Ronald Searle An Alexander Dikkers [Deutscher Text: Seite 572] [Texte fransais: page 574] Articles on Ronald Searle appeared in Graphis 23, 80 and 109, a coverlsigi his on Graphis 169. Born in Cambridge, England, in 1920, Searle spent fourlars a; Japanese prisoner-of-war. He sprang to fame after the war with his drawir, ofcth diabolical schoolgirls of St. Trinian's. Since then he has produced over a se'; of hi own books and illustrated many others, has made animated films, has had c J bijt ■-/, all over Europe and America, has done lithographs and etchings and has fouiiio -i a 'by the back door' into the galleries of fine art. Essentially a satirist, Searle has ente r, humour that for all its sophistication goes deep and is not unknown to horrdfA hi retrospective volume of his drawings was published by Rowohlt, Hamburg^ njsS Exhibitions are taking place in 1981 in the Rizzoli Gallery, New York (MarcHand th Bartsch Chariau Gallery, Munich (November). Searle settled in Paris in,) moved in 1977 to a mountain village in the South of France. We present here i-ciftwri of his recent work. Editor Opera house, orchestra stalls, first row: the people who sit here are not just anybody. Behind them the second and third class citizens, in front of them the action and, magnificently draped or exposed, their own bosoms, legs, feet: the cultured ones are at their post (Fig. 8). We observe them face to face, the stalls are now the stage, with extras galore in the background and the meaning of the typical architecture at last revealed: a huge layered cake as a backdrop for those who belong. In the centre His Excellency in full gold-trimmed regalia, a monument of dignity, come what may. Around him nothing but poise and bearingit's a hard fate to be a representative of the national culture, though one young lady has dared to slip out of a tight shoeahhh! The girl on the right may learn to enjoy it yet; her spectacled gaze is full of expectant confidence. While the girl in yellow seems as much confused by the happenings on-stage as by her neighbour's wandering hand. The opera 'V' glasses satisfy curiosity, but delight in detail isn't everybody's cu of fe; the gentleman on the right is already quite exhausted. Insiga an brocade (Searle makes do with cigar-label collage) are replaced in tbyoao gent with the progressive specs by fetish, political emblem, eft an high-heeled shoon. The disguises vary, but conceit and fatuityemai nicely balanced. This is, says Searle, a project for a curtain for tBRqy; Opera House, Covent Garden. It would be a pity if British isokbnhr should prevent such an excellent idea from being realized elsev era Searle's drawings can be described from the angle of their thees ar. characters, as we have just tried to do. But the fascination of his vrk: more than thirty years has not lain only in his invention, in the éurac of his portrayal of faces and body language, 'the disproportion 'twer cause and reaction, between intention and result, which he re.ateL unmasks' (Loriot), but no less in the rich experience container in 11 graphic line. This can be felt directly in the drawings of his King Bens (Figs. 3—6), which depend almost exclusively on line, or for insnce i the shaggy, wavy or cascading manes of his lions (Figs. 2, 6 anao). In his larger and figurally more complex compositions Sea: oftc combines pen drawings with watercolour or Indian ink wash, wii body white or collage. The clusters of lines, strokes, ticks and its w. now part of a larger compositional framework, though their owrorm value is not lost. The colours are not just applications, they areonsii uents of the picture. The state of equilibrium between draw g an painting, achieved by the variation of transparency and opaquiess the colouring, by the dominance or subordination of the line, is a.arki Searle's bigger compositions. Their open structure has tl san complexity and attraction as the graphic delineation usually prefi eu the single subject. Figure 7, which Searle says is 'probably a symbolic represent: on' one of the latest examples of this approach. The subject is 'the disope tion between cause and reaction': a jet fighter, a big, aggressiyinse with extremities as sharp as injection syringes, appears on its mere pad. It is dark (the midnight hour?), a circus horse led by a clownppea on the scene, on its back the goddess of Peace, or possibly of ctor- Either way round, very theatrical and utterly out of date, fjshad certainly nothing of flesh and blood; whether Peace or Victo: qu unthinkable except as a piece of anachronistic clowning. 1) Insect Play. Pen and wash, 1970, 27 x 21 cm. 2) King of Beasts. Pen and wash, 1979, 32.5 X 33.5 cm. 1) Insektenspiel. Feder und Aquarell, 1970, 27x21 cm. 2) King of Beasts (König der Tiere). Feder und Aquarell, 1979, 32,5 x 33,5 cm. 1) Insect Play (Jeu d'insecte). Dessin a la plume et au lavis, 1970, 27 x 21 cm. 2) King of Beasts (Le Roi des animaux). Dessin a la plume et au lavis, 1979» 32>5 x 33»5 C1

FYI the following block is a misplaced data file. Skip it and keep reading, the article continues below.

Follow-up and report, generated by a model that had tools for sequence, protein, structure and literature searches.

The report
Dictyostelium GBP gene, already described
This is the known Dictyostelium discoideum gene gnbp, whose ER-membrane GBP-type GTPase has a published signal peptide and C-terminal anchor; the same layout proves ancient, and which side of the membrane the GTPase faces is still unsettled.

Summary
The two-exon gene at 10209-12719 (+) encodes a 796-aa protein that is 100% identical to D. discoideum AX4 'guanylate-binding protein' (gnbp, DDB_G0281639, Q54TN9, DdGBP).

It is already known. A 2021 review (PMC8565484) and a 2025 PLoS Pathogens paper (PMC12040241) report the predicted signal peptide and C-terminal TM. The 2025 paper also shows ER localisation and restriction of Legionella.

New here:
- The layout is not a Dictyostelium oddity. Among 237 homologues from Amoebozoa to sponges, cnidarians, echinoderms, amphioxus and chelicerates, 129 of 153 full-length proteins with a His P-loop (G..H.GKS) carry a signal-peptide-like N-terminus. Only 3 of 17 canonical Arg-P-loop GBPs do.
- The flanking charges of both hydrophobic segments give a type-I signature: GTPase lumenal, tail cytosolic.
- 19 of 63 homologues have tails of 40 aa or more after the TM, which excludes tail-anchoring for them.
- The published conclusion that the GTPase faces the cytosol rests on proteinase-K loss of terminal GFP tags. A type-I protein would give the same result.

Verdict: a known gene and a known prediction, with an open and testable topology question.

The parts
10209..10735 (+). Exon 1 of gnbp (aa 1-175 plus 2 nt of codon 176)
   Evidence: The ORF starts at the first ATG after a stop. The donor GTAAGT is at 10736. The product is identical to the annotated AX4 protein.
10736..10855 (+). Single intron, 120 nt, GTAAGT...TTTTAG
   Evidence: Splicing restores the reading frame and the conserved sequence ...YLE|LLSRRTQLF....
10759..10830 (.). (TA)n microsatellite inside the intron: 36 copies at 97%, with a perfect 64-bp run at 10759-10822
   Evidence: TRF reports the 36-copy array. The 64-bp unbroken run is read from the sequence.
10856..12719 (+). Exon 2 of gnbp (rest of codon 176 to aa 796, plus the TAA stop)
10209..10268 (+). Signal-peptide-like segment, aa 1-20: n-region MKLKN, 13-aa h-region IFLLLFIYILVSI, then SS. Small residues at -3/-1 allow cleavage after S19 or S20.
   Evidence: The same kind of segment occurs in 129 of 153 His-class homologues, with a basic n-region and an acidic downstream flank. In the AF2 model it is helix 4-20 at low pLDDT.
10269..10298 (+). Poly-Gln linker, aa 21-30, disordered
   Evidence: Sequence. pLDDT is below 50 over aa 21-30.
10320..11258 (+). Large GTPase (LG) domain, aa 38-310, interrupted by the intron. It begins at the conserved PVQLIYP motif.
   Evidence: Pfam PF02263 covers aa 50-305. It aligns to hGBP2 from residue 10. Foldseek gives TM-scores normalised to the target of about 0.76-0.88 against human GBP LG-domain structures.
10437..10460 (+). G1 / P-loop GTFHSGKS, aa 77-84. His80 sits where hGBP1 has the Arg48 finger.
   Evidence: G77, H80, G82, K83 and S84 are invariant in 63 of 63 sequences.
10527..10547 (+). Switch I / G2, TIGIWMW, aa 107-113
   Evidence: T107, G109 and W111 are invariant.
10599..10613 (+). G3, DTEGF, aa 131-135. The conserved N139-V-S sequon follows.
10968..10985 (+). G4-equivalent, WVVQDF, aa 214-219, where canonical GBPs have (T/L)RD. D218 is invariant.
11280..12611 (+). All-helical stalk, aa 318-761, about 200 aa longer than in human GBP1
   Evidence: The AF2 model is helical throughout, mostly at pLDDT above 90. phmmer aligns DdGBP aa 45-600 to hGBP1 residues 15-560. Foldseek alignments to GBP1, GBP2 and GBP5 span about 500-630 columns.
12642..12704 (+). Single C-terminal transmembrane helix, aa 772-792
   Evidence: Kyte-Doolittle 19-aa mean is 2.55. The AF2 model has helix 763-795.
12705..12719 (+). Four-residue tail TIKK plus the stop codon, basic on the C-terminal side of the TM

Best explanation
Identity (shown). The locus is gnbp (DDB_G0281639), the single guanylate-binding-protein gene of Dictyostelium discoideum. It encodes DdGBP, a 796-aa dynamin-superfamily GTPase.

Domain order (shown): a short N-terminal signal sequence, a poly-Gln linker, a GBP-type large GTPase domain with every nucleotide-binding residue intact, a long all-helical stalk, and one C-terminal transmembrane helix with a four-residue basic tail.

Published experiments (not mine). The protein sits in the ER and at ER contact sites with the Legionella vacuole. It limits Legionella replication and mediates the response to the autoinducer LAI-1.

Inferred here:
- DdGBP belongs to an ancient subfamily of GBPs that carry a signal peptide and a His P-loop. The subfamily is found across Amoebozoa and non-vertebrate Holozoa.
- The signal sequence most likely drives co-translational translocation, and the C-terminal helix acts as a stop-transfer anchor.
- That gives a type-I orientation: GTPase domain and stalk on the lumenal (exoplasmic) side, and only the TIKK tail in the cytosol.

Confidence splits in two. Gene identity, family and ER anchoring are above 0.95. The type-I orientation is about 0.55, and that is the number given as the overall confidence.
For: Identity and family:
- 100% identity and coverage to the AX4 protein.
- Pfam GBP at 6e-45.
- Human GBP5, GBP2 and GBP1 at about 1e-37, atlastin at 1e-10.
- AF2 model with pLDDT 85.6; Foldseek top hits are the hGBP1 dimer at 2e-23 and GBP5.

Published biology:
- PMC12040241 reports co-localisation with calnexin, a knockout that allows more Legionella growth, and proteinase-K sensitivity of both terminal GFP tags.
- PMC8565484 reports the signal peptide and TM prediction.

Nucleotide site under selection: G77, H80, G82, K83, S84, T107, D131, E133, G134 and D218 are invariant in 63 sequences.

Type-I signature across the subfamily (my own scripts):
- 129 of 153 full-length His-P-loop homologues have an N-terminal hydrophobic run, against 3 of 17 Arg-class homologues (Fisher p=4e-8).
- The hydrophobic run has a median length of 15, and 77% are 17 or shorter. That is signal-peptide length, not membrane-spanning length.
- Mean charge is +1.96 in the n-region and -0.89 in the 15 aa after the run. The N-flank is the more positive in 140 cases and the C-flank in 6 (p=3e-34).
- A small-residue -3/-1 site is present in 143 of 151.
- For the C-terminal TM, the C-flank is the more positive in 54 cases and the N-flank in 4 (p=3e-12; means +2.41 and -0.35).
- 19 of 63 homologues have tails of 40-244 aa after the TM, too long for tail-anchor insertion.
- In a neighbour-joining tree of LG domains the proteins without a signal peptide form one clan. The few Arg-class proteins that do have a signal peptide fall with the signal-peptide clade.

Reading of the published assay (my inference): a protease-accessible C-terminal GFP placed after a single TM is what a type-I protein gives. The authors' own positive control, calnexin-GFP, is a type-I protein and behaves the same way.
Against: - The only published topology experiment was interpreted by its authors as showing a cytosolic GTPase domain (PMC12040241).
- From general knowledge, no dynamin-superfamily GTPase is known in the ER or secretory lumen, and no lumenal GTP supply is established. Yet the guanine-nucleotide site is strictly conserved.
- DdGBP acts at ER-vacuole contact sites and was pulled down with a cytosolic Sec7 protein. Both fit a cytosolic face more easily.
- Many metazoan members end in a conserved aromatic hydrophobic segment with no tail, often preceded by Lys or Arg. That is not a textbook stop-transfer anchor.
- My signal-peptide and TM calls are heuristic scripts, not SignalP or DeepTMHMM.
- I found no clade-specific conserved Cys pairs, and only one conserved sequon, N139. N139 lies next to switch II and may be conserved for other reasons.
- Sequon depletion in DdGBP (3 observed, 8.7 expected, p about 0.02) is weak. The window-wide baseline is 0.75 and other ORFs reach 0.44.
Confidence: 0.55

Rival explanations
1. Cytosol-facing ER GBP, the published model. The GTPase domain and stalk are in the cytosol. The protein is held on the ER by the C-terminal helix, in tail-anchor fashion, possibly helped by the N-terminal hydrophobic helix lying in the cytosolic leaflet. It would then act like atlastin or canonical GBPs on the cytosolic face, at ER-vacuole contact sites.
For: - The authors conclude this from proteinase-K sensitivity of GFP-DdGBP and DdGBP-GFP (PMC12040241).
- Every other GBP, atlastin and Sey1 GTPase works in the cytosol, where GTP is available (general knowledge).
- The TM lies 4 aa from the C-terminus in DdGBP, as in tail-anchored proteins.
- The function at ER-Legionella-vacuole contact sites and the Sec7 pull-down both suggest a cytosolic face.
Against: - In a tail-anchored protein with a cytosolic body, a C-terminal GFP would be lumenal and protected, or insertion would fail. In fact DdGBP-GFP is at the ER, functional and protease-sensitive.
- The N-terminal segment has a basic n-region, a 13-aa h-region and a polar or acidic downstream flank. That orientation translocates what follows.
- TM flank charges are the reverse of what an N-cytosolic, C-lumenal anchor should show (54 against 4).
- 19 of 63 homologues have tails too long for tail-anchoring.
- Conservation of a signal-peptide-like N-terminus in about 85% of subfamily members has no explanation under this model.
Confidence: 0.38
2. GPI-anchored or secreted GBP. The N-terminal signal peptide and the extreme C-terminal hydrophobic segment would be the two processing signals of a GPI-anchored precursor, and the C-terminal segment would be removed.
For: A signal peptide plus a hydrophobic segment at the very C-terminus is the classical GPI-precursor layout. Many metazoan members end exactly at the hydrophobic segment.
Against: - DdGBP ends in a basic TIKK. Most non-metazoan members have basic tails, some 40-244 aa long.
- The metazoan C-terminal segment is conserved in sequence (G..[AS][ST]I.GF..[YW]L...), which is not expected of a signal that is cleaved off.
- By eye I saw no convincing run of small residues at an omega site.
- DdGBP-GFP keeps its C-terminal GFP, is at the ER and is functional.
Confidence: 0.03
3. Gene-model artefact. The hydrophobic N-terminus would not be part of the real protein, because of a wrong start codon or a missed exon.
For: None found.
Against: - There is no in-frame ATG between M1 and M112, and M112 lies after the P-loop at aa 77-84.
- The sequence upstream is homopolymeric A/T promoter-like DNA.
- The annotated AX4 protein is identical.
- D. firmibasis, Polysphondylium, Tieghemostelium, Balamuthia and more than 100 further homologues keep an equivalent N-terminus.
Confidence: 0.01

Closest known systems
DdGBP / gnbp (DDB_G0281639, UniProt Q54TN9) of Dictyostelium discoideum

Graphis de | 1981 | | page 80